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May. 21, 2022 | Saturday
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St. Davids brewery entrepreneur glad construction finally can resume
The Grist interior. (Supplied)

Rob Begin is happy construction crews can resume building his new restaurant and brewery in St. Davids.

The project was shut down during the provincewide lockdown, but the Town of Niagara-on-the-Lake gave him the green light to continue work Feb. 16.

Begin said finishing touches are just being done now on The Grist, a project he's been working on for three years with his family.

He had been worried with Niagara remaining in grey-lockdown status that he wouldn't be able to get back to work. He said his lawyer initially was told by the town it was unlikely he would be able to resume work.

"I thought, 'My God, that's just absolutely nuts that everybody else is going to be at 25 per cent capacity in a mall and I'm not allowed to have five guys do construction.' "

He said one of the frustrations of being shut down is it's hard to just pick up where you left off, mainly because contractors find other work they can do while things are shut down.

"So when my trades leave, they go on, they have jobs that they're still doing," he said. "Like my plumber said they were going to be in this week, but because we've been down for two weeks they took on other jobs."

Throughout the process, there have been other hurdles, including a lengthy site plan approval process and installing a $300,000 storm system underground.

"The worst part is the town actually sent me an email saying that I didn't (need to put in the storm system), so I purchased this property with the assumption and the blessing that we wouldn't have to do it."

"That was like a $300,000 oopsie," Begin said.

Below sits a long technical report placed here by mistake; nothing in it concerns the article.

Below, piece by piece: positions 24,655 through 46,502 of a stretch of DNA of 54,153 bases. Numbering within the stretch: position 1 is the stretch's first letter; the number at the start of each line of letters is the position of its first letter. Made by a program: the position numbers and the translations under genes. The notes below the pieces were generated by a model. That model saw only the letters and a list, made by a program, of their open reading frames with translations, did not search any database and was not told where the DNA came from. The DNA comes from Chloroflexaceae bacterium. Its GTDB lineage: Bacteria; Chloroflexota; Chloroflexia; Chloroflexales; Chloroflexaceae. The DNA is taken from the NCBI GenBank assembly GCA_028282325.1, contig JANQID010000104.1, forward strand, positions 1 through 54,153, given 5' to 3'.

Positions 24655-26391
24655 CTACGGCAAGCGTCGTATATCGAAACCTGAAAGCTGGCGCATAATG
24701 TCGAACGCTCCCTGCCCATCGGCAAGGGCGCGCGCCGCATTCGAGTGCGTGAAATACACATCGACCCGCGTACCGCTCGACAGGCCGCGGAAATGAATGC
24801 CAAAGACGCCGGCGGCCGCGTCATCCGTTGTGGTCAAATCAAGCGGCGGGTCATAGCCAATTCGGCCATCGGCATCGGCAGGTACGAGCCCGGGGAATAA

He was also made to install oil and grid separators, meant to retain any oil leaked into the ground from vehicles.

"Only Walmarts and Costcos have these," he said. "Honestly, it was an extra $15,000 for this particular one that the town was adamant on having and it's like you can't win either way."

He said he doesn't want to "bad mouth the town," but feels it hasn't made the process easy.

"I love the town. I grew up over here on Line 3. My dad was a councillor for the Town of Niagara-on-the-Lake for four terms. But if you understood how much we had to go through to get this thing done, you would say to yourself, 'Was it really worth it and is the town really wanting to support a local guy that's just rehabbing an old barn?' " he said.

He said the town asked him to preserve the barn when he purchased the property. 

"You feel almost like you're doing something wrong as opposed to doing something right," he said, and redoing the old barn cost a lot more than knocking it down and starting fresh would have.

"When we did it, the town said 'We really want you to save it.' I said, 'Absolutely, we're going to do it' and we didn't add once one square inch to that building. And when we got our development charges, the (town) said 'OK, here's the bill, $78,000' and I said to them, 'OK, that's for a full tilt for a new building, we have an existing one, we haven't done anything to it, we're renovating it. And they said, 'No, no, you have to pay full tilt."